I love Mozart’s Requiem, although it is not exactly Mozart’s. Still, it is a wonderful piece of music – and a lot of fun to sing. The ending is a bit of a let-down, but you can’t have everything. As a lower male voice, I get a kick out of “Tuba Mirum” – “The trumpet will send its wonderous sound” – where the bass and some sort of trumpet-like thing have a little “how low can you go” competition. Not really, but there is a bit of musical rivalry between the solo male part and the solo brass as they exchange the baton through the piece. Fun stuff. The only complaint I usually have is that the director didn’t pick a true bass to sing the part – but rather a bass-baritone. There are some low notes that sometimes a bass-baritone can’t really nail, and that is the fun part of the piece. So, my usual complaint seemed justified for this concert: bass-baritone fails to really nail those notes.
I didn’t like the bass-baritone’s performance in this concert. His voice sounded flat – not very expressive – and there was too much vibrato – so much so that I couldn’t hear the tone of his voice.
I don’t read the bios in the program until after the concert – if I read them at all. If a singer catches my interest, I’ll read the bio. It wasn’t until afterwards that my escort for the evening said “that singer – he was in the opera thing you saw”. It was true, he was in an opera thing I saw, and I loved his voice in that performance. He sang Alberich in Lepage’s new Das Rheingold at the Met and the singer was Eric Owens. I loved his voice – and his performance in that. The New Yorker gushed
The “history of opera”. Well, who knows, I guess – OK. It was a fine performance, anyway. How could it be that I did not like his voice either in the Mozart Requiem or the other piece he sang that night: Mozart’s Per questa bella mano, K. 612.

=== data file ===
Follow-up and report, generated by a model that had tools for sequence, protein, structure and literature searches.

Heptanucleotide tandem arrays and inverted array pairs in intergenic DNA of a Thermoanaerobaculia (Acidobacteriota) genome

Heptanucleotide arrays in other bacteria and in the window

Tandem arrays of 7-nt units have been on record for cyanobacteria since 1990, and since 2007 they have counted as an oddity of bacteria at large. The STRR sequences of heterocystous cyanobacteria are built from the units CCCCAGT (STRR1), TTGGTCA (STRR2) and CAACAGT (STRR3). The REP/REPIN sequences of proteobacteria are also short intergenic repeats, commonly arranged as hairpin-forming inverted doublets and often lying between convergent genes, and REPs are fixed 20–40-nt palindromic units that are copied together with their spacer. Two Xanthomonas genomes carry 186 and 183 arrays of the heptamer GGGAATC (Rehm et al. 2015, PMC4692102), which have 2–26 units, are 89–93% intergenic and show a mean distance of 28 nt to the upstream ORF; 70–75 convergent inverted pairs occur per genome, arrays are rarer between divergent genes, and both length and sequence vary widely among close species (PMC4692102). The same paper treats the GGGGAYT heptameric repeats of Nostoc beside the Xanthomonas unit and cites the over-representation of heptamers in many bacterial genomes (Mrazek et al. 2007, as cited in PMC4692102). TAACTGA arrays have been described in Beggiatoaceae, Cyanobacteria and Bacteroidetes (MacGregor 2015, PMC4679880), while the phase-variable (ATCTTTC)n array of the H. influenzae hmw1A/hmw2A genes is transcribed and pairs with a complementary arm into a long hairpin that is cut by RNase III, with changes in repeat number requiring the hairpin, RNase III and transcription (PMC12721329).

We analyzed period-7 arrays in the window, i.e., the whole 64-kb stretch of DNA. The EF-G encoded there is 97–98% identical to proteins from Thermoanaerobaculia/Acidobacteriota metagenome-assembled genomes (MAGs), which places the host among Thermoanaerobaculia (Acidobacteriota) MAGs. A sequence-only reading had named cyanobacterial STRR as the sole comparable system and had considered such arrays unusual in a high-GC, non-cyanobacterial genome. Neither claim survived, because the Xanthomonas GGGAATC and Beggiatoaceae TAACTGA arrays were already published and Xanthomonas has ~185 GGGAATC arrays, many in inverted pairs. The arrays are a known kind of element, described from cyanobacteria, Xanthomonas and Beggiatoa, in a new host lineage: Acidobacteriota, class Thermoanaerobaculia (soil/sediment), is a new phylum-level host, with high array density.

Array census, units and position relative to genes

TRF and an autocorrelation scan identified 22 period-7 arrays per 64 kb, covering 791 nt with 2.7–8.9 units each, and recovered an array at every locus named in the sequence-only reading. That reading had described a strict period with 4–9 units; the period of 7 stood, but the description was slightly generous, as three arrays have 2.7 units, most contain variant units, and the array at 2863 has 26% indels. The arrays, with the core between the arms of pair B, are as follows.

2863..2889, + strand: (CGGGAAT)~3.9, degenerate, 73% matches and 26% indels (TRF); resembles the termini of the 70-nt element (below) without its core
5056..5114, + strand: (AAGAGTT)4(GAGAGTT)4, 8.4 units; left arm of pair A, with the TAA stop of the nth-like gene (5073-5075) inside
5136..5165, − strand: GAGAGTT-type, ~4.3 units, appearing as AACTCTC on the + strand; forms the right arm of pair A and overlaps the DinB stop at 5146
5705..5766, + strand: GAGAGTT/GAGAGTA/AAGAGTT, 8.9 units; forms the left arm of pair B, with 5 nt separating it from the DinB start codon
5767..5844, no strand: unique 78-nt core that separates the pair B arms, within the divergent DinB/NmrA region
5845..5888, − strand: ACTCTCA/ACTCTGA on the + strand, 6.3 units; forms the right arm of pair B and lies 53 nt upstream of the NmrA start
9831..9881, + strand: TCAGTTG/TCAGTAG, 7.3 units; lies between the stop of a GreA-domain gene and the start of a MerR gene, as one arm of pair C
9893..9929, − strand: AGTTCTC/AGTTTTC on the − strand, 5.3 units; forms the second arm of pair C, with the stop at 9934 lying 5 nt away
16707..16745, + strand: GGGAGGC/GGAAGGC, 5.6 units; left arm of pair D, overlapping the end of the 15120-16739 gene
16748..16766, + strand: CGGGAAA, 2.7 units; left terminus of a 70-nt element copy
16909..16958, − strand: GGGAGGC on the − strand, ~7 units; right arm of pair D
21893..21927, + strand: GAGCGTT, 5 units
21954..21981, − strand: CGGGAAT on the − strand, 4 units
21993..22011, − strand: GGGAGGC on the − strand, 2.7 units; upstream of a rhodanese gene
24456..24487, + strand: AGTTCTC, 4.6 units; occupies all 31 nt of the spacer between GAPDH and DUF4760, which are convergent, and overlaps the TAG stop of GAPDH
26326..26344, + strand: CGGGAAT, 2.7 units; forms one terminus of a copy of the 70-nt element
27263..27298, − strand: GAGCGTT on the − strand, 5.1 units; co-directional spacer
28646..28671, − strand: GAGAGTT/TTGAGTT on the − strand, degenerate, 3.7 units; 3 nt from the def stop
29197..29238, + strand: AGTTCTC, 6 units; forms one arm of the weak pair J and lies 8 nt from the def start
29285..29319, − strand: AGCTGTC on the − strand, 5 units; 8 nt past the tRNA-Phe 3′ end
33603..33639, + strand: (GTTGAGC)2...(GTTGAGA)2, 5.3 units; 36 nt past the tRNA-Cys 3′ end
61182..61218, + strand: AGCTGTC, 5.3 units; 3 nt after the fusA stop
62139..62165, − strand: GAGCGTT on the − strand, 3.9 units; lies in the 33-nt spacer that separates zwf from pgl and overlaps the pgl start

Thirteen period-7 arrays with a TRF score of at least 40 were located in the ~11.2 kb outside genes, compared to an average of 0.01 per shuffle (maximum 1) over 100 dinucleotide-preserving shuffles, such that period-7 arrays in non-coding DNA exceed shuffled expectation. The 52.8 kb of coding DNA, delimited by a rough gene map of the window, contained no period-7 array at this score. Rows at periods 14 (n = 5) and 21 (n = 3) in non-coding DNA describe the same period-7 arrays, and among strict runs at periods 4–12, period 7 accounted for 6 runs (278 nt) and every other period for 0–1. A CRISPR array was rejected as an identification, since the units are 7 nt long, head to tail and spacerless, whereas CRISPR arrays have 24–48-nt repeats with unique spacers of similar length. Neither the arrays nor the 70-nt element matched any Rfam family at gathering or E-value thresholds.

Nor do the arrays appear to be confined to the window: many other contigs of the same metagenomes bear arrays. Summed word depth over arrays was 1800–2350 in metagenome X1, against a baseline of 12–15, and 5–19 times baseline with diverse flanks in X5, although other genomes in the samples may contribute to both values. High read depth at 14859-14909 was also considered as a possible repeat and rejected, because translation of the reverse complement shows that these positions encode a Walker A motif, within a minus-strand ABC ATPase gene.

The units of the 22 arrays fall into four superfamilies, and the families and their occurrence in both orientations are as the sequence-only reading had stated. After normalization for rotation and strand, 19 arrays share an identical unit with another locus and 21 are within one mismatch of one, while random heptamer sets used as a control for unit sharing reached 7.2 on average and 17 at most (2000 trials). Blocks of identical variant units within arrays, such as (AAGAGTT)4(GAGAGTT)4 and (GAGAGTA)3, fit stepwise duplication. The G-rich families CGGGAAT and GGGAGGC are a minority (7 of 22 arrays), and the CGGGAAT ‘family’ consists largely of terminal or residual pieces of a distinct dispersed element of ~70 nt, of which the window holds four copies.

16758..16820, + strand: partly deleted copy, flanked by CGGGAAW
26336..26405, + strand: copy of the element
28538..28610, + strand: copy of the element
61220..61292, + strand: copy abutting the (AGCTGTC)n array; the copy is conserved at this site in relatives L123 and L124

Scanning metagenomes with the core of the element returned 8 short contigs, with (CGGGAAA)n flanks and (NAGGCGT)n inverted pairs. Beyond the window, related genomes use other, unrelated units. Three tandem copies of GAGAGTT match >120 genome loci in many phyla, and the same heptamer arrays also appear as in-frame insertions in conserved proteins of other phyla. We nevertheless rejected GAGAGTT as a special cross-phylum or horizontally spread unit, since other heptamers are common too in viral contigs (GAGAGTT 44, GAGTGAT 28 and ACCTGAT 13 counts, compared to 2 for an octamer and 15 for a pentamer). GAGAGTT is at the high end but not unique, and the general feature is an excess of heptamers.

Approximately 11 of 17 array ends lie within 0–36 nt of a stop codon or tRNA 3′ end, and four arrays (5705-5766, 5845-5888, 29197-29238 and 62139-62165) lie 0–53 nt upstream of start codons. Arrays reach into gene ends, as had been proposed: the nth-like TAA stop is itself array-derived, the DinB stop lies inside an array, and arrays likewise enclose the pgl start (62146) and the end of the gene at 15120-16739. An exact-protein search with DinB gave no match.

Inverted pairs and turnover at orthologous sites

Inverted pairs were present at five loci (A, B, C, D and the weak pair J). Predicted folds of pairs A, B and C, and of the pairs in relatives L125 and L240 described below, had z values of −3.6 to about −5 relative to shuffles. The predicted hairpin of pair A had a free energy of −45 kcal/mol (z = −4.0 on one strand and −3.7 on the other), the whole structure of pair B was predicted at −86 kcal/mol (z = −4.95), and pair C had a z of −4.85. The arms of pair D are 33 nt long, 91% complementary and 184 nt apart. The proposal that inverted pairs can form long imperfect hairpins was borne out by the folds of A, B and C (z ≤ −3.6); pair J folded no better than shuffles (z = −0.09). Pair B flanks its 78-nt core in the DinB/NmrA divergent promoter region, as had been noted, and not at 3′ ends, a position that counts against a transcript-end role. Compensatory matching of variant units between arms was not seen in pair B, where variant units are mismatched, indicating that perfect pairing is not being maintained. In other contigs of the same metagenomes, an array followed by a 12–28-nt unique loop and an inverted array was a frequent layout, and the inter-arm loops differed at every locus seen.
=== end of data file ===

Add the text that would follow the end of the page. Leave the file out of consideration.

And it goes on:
I wanted to like the bass-baritone’s voice in the Mozart pieces.
I want to blame the acoustics in part. I had a good seat – $80 worth – just about halfway back in the orchestra, just off the center. However, I think the Handel and Haydn Society sounds a lot better in Jordan Hall. I probably won’t buy another ticket to hear them at Symphony Hall. But how could the acoustics be to blame? Symphony Hall is renowned for its excellent acoustics. True, I couldn’t hear the double bass obligato much at all in Per questa, so maybe the acoustics were somewhat to blame. Was he over-singing? Why would he? Surely he knows that the acoustics are excellent in that hall. And he sings in the damnably huge Metropolitan Opera. The concert was recorded for a part of a three-CD Mozart set. Was he singing for the CD instead of the hall?
It’s a puzzle. Maybe I was just expecting a big vibrato in Das Rheingold and wasn’t expecting that sort of voice in a Mozart piece. Hopefully I’ll remember to grab a copy of the CD and give it a listen.
With that minor quibble, the concert was very enjoyable. Harry Christophers squeezed every possible bit of drama out of the Requiem as he gymnastically danced about directing the choir and orchestra which seemed responsive to his every back-flip. Joking there. It was a very passionate and romantic Requiem, which I imagine some people might object to as being an anachronism, but my bet is that it will be a crowd-pleaser on CD. I enjoyed it.